STL Science Center

STL Science Center

11 March 2016

Difficulty in Ancestry

The skulls of some animals are strangely similar to animals that they are exceedingly distantly related to. We can understand the similarities in the context of convergent evolution; animals that require extreme biting forces develop similarly strong muscles and similarly shaped skulls to house the attachments of those muscles. Generally we only discuss the morphologies as how they occur and are similar and not the time at which they occur, geologically speaking. Therefore, we can discuss how an animal like Prestosuchus chiniquensis living in the Triassic of Brazil has a skull that looks considerably like that of a Cretaceous tyrannosaurid. Prestosuchus is only related to tyrannosaurs in that they are both archosaurs as the dinosaurs, and therefore tyrannosaurids, diverged from the early suchians, ancestors of modern crocodilians. The skulls of tyrannosaurids and Prestosuchus are deep and filled with large serrated teeth and have been mistaken for one another many times because of their similarities. The skull of Prestosuchus is not as air filled and lightweight (relative to size) as a tyrannosaurid skull, however. Skulls of Prestosuchus are clearly strong and beginning to show some of the solidifying characteristics of its descendants. Prestosuchus as a genus belongs nestled with Rauisuchia (by some accounts a wastebin group), a group of early Triassic archosaurs within Pseudosuchia that contains some fierce looking reptiles that, unlike their descendants, stood with a specialized erect posture and were definitely much more terrestrial than their descendants would eventually become.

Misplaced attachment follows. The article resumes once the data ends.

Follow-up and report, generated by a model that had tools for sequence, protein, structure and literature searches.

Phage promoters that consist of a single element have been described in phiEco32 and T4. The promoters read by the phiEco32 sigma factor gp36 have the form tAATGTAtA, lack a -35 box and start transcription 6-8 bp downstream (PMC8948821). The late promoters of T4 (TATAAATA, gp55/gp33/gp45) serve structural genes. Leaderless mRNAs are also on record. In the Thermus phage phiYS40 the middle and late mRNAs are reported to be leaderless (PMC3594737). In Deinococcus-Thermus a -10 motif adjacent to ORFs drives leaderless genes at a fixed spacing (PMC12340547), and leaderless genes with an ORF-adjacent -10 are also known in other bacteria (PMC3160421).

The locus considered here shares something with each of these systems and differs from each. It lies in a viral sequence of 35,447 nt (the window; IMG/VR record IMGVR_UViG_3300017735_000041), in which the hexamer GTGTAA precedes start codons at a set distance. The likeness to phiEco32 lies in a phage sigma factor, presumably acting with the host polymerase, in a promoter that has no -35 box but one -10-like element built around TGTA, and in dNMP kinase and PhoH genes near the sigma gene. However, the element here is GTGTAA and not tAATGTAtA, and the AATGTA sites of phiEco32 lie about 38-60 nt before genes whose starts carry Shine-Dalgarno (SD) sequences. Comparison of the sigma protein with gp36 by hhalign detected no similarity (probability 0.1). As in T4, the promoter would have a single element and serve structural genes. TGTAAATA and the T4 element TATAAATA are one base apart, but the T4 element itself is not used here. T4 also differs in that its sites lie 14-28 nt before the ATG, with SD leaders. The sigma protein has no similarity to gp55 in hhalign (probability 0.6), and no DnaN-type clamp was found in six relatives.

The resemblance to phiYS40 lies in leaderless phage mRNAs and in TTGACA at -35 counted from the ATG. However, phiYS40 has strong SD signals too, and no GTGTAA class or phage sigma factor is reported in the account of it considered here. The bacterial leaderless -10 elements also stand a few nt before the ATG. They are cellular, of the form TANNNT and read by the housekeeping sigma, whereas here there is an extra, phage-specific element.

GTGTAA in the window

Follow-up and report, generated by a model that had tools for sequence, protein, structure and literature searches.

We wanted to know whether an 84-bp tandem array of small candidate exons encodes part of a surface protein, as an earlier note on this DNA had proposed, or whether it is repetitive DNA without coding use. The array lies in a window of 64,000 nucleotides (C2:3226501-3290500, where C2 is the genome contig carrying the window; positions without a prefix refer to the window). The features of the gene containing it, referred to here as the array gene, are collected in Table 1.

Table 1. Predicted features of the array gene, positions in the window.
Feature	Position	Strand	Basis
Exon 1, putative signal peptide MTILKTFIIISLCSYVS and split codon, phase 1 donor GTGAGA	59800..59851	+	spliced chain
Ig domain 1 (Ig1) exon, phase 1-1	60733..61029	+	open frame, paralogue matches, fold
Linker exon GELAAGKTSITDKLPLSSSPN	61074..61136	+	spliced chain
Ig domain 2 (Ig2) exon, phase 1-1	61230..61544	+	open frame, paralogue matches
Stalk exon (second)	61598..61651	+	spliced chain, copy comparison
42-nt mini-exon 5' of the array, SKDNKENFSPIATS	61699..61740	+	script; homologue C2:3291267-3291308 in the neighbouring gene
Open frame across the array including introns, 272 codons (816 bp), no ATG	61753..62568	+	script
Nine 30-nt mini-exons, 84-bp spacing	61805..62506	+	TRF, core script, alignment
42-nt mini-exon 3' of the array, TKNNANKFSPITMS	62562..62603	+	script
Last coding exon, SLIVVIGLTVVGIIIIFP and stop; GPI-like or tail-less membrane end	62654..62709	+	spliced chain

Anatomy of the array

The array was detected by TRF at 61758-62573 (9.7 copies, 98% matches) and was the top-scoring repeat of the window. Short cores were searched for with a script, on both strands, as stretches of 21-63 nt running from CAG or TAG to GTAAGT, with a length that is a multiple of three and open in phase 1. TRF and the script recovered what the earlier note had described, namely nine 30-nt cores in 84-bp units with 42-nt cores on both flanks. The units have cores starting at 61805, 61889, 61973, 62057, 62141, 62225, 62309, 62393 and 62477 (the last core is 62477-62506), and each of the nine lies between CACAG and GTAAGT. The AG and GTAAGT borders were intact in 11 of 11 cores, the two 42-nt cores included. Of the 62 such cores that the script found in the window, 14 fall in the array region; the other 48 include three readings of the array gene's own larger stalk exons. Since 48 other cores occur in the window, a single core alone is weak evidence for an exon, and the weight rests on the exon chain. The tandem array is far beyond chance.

AMNH, photo by Vince Smith

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